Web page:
|Priority of problem
||Is the problem addressed by the question important enough to make a recommendation?
||Many problems may not be identified a priori as high enough importance to justify strong recommendations when weighed against other problems.
|Balance of benefits and harms
||Across outcomes, are the overall effects and confidence in those effects a net gain?
||Most interventions, prognostications, and diagnostic tests have positive and negative consequences. Confidence in these estimates must be viewed in aggregate—do positive effects outweigh negative ones? Consideration must weigh outcomes by importance.
|Certainty in the evidence
||What is the overall certainty that these estimates will support a recommendation?
||More certainty supports stronger recommendations, and vice versa.
|Values and preferences
||To what extent do the values and preferences of patients regarding outcomes or interventions vary?
||Minimal variation and a strong endorsement of the outcomes or the interventions based on patients’ values and preferences supports stronger recommendations. The lack of consistency in patients’ values and preferences or a weak endorsement of the outcomes or the interventions supports weaker recommendations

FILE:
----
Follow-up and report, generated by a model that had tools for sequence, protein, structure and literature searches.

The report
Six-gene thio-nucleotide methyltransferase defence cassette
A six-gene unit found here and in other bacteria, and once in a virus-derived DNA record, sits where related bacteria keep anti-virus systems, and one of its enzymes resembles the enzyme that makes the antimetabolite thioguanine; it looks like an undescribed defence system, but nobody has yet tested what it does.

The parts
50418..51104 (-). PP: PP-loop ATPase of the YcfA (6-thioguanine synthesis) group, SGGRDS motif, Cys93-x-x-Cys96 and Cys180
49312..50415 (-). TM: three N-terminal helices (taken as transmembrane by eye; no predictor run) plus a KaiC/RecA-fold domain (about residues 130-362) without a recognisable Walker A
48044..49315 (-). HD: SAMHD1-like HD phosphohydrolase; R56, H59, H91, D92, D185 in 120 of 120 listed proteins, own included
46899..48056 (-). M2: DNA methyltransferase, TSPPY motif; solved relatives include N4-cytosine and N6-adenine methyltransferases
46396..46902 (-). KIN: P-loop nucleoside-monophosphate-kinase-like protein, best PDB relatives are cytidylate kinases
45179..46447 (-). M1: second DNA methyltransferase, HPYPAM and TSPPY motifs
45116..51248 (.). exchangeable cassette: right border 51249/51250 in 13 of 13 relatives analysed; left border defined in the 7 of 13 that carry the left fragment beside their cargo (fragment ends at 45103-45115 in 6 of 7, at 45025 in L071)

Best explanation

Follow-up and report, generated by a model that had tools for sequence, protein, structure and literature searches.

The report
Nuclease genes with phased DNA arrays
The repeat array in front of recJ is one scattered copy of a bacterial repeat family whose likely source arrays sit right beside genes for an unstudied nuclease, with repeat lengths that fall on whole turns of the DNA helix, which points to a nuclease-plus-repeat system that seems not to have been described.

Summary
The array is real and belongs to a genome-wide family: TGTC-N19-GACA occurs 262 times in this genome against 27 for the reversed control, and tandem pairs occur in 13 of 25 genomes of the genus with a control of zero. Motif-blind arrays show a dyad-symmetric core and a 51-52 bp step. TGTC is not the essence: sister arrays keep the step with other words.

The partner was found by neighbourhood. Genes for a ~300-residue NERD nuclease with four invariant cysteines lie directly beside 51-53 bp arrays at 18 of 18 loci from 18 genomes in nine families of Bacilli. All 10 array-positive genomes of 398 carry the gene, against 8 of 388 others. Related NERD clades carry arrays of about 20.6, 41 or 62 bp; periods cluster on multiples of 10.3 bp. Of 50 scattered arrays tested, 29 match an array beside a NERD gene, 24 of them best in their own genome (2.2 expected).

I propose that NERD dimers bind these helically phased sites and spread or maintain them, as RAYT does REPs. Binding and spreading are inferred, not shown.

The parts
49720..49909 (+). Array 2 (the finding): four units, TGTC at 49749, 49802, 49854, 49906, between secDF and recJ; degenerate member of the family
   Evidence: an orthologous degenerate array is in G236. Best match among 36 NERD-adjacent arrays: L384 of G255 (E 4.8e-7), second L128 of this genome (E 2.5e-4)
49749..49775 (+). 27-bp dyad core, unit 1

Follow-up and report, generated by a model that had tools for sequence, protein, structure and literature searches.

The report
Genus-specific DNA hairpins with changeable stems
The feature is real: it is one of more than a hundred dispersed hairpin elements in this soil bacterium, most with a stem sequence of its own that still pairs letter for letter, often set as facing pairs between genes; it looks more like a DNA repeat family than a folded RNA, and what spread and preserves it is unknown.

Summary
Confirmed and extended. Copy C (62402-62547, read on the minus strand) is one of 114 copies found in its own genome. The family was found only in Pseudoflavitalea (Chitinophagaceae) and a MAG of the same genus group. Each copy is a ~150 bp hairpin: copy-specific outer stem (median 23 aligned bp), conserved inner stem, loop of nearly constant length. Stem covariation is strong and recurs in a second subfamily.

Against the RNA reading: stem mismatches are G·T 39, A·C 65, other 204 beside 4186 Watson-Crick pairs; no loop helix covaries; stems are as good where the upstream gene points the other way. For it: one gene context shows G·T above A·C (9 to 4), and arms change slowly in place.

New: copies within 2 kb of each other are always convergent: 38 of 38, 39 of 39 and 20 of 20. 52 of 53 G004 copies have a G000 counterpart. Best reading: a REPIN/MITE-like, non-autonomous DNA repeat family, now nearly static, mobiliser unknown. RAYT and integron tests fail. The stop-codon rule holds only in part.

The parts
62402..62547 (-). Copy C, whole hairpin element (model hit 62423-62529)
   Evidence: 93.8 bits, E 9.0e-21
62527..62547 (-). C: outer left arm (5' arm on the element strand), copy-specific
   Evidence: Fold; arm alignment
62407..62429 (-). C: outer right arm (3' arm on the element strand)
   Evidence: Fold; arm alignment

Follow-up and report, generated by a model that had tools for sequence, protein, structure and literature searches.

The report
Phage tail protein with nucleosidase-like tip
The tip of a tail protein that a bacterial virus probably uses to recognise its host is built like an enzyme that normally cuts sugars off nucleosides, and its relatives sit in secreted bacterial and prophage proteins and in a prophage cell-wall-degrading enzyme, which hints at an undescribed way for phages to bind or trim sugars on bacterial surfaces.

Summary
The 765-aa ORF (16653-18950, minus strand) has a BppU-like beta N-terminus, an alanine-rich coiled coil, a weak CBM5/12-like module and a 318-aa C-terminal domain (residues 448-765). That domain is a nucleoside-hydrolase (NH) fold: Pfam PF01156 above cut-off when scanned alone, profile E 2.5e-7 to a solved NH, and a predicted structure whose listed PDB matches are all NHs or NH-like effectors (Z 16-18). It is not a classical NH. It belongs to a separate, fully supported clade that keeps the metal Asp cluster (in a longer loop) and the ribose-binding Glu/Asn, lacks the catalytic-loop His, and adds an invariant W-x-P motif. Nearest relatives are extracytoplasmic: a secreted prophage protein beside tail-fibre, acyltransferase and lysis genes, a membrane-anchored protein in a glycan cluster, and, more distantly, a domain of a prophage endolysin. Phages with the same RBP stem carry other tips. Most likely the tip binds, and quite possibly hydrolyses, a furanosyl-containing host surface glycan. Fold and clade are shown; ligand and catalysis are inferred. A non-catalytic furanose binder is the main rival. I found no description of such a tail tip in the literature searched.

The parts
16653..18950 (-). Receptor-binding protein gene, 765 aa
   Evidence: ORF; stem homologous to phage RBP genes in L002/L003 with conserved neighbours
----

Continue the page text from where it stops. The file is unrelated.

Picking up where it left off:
|Costs and resources
||Are these net results proportionate to the expenditures and demands of the recommended measure?
||Factors such as manpower, time, distraction from other tasks, and monetary investment are viewed through local values. Lower costs of an intervention and greater cost-effectiveness support strong recommendations, and vice versa. Analysis should account for uncertainty in the calculated costs.
||Are the net positive effects of the measure distributed justly?
||Measures that improve disparities or benefit fairly may drive a stronger recommendation, and vice versa.
||Across stakeholders, is the measure tractable?
||To be strong, a recommendation ideally appeals to most.
||Can the recommendation be implemented from a practical standpoint?
||Something that is practical to achieve may support a strong recommendation, and vice versa.
|Summary: To what extent do positive and negative consequences balance in the settings in question?
- Negative clearly outweighs positive
- Negative probably outweighs positive
- Negative and positive consequences balanced
- Positive probably outweighs negative
- Positive clearly outweighs negative
- Strong recommendation against
- Weak recommendation against
- Weak recommendation for
- Strong recommendation for
|Considerations: Are there important subgroups that might be treated differently? Are there important concerns for implementation?